Is your website ignoring your customer?

Group Strategy Director

Your website is one of your most important assets for sales and marketing – but is it doing its job? To get a sense of just how valuable your website is, let’s consider a few recent stats…

  • 9 out of 10 B2B buyers say online content has a moderate to major effect on purchasing decisions. (CMO Council)
  • 66% of B2B buyers said it is very important to have a website that speaks directly to industry needs and shows relevant expertise. (Forbes)

But…

  • 88% of online consumers are less likely to return to a website after a bad experience. (Invisionapp)

Some of the most common symptoms of a poor site experience are:

  • High bounce rate
  • Low engagement/completion rate
  • Low visitor volume

So, what kind of experience is your website creating for your customers? Are you helping them find what they’re looking for, or creating another roadblock on their path? Here are a few best practices as you evaluate your approach.

1. Demonstrate a polished, cohesive brand identity

According to research validated by Google, it takes users as little as 50 milliseconds (.05 seconds) to form an opinion about your website. That isn’t much time. These opinions are largely based on visual design such as color, imagery, layout and text density. 

Visual elements convey credibility and context about your expertise. They also help tie your website to the rest of your brand identity. 

2. Provide a clear, intuitive experience

Your message is only valuable if your audience can understand it. Your website should clearly articulate what you do and what value you can deliver to your customers. It should also be organized in a simple, user-friendly way that makes it easy for people to locate more detailed content related to their needs – that includes mobile. 70% of internet traffic was on mobile devices in 2018, and that number is projected to grow.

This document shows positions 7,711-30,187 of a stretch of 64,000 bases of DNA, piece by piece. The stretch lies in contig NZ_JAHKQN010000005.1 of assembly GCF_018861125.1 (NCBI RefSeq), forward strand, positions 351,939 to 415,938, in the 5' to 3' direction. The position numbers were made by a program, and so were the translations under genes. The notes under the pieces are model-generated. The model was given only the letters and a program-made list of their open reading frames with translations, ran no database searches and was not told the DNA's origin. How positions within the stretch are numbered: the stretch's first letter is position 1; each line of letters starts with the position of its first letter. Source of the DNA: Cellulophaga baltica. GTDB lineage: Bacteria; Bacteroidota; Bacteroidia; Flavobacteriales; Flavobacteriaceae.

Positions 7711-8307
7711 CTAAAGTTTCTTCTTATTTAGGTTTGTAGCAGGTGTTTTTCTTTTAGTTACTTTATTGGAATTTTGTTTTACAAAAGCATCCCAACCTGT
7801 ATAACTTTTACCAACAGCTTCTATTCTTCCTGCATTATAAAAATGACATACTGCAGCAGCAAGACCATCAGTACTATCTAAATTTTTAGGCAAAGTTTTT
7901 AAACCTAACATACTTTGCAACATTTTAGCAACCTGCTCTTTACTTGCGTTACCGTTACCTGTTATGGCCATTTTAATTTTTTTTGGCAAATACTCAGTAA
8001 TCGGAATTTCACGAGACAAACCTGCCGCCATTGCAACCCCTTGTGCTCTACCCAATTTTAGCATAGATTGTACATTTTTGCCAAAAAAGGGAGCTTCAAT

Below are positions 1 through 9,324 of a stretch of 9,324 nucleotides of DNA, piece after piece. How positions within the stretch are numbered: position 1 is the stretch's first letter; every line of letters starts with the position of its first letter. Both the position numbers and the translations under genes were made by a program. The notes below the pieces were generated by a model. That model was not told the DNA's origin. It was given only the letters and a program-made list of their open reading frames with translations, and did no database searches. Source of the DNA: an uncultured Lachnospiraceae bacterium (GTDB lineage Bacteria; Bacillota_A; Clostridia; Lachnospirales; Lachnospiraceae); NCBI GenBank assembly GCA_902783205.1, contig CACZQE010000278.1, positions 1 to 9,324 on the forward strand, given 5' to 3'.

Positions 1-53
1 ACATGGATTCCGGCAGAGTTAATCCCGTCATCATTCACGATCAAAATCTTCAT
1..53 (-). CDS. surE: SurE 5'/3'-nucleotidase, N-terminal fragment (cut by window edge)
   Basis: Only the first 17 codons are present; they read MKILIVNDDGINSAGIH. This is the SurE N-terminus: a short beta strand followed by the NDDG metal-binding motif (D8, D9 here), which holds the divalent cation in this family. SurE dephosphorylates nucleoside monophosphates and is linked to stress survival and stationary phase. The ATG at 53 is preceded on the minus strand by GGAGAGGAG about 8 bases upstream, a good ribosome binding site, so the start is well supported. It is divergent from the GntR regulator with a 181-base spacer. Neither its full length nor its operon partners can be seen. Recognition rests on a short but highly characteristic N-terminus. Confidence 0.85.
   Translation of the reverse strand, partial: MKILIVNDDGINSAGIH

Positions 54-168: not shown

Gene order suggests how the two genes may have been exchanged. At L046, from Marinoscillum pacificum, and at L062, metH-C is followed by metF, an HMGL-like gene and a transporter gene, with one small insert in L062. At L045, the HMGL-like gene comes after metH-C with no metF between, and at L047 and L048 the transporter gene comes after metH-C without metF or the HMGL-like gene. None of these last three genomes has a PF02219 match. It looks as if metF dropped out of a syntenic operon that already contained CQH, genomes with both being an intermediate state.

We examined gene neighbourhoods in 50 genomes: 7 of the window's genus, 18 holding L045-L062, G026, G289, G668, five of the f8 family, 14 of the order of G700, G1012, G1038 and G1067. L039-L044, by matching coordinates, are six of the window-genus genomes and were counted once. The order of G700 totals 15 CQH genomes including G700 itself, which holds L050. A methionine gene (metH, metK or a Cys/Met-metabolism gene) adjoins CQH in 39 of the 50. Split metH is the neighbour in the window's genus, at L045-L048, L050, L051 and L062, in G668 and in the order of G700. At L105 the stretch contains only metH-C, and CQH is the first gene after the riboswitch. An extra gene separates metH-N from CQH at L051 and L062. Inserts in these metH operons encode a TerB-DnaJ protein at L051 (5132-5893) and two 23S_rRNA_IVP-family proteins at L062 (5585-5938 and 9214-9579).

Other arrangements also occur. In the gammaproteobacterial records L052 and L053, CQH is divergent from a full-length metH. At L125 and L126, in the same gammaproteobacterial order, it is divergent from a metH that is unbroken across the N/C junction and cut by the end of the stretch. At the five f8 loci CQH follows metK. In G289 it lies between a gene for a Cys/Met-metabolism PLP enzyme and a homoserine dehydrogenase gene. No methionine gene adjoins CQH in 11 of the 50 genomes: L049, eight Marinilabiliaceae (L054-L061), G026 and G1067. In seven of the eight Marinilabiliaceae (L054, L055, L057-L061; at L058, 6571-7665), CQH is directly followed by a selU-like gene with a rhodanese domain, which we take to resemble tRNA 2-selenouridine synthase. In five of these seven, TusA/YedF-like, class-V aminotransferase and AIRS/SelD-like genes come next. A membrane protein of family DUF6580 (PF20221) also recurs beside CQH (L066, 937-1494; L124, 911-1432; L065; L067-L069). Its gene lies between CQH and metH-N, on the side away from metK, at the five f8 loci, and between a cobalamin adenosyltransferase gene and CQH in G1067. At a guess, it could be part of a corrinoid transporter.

3. Use your customers’ natural language

Are you using the same words your customers use? Site visitors – not to mention search engines – associate specific words and phrases with the products and services you offer. To be effective, you want to align your messaging with those keywords. 

As a benchmark, look at how your messaging compares to what others in your industry are saying. It’s good to have a differentiated position, but you want to make sure your message resonates with your audience.

4. Answer the questions your customers are asking

People use the internet to find answers. That hasn’t gone unnoticed by Google. Each update to their algorithm has pushed companies to create more helpful content in order to rank. 

As you’re evaluating your website, think about what your customers need, and find opportunities to help them with your content. 

5. Direct users to prioritized resources

Just because something exists on your website, doesn’t mean people will be able to find it. If there are important areas of your website where you want users to go, direct them there. Be directive with buttons and CTAs. 

You should also establish a visual hierarchy that calls attention to the most significant engagement points. Don’t just assume people will naturally navigate to important content from your homepage.

6. Enrich site experience with content 

People are different. They have different needs, attention spans, and learning preferences. Your site should provide alternate learning paths through featured content – your visitors expect it. 54% of consumers want more video content from businesses

Visual assets like videos and infographics break up text monotony and provide users with choices. This content also gives your credibility a boost by demonstrating activity and thought leadership.

7. Don’t forget SEO

93% of online experiences begin with a search engine. When reviewing your site, it’s easy to neglect the parts you can’t see, but that’s a stat no company can afford to ignore. SEO is an essential tool for digital marketing, and it often uncovers low-hanging fruit when it comes to optimization opportunities. 

First and foremost, develop a keyword strategy to define the terms you want to rank for. Then, you can optimize your site content for those keywords. You can use a site crawler to ensure your metadata fields are populated and optimized. It’s also a good practice to evaluate page load times to make sure you don’t have any technical or file size issues.

Looking for help?If you want to improve your site experience but aren’t sure where to start, we can help. Our CX Health Assessment for Websites is designed to help companies identify opportunities and build a roadmap for how to move forward.

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Insights


Group Strategy Director

I’ve always liked taking things apart. It wasn’t until I got a little older that I realized how much fun it could be to put something back together. It’s something special to dissect something unfamiliar, learn how it works and make it better than it was before. I like to bring this approach to any project I work on.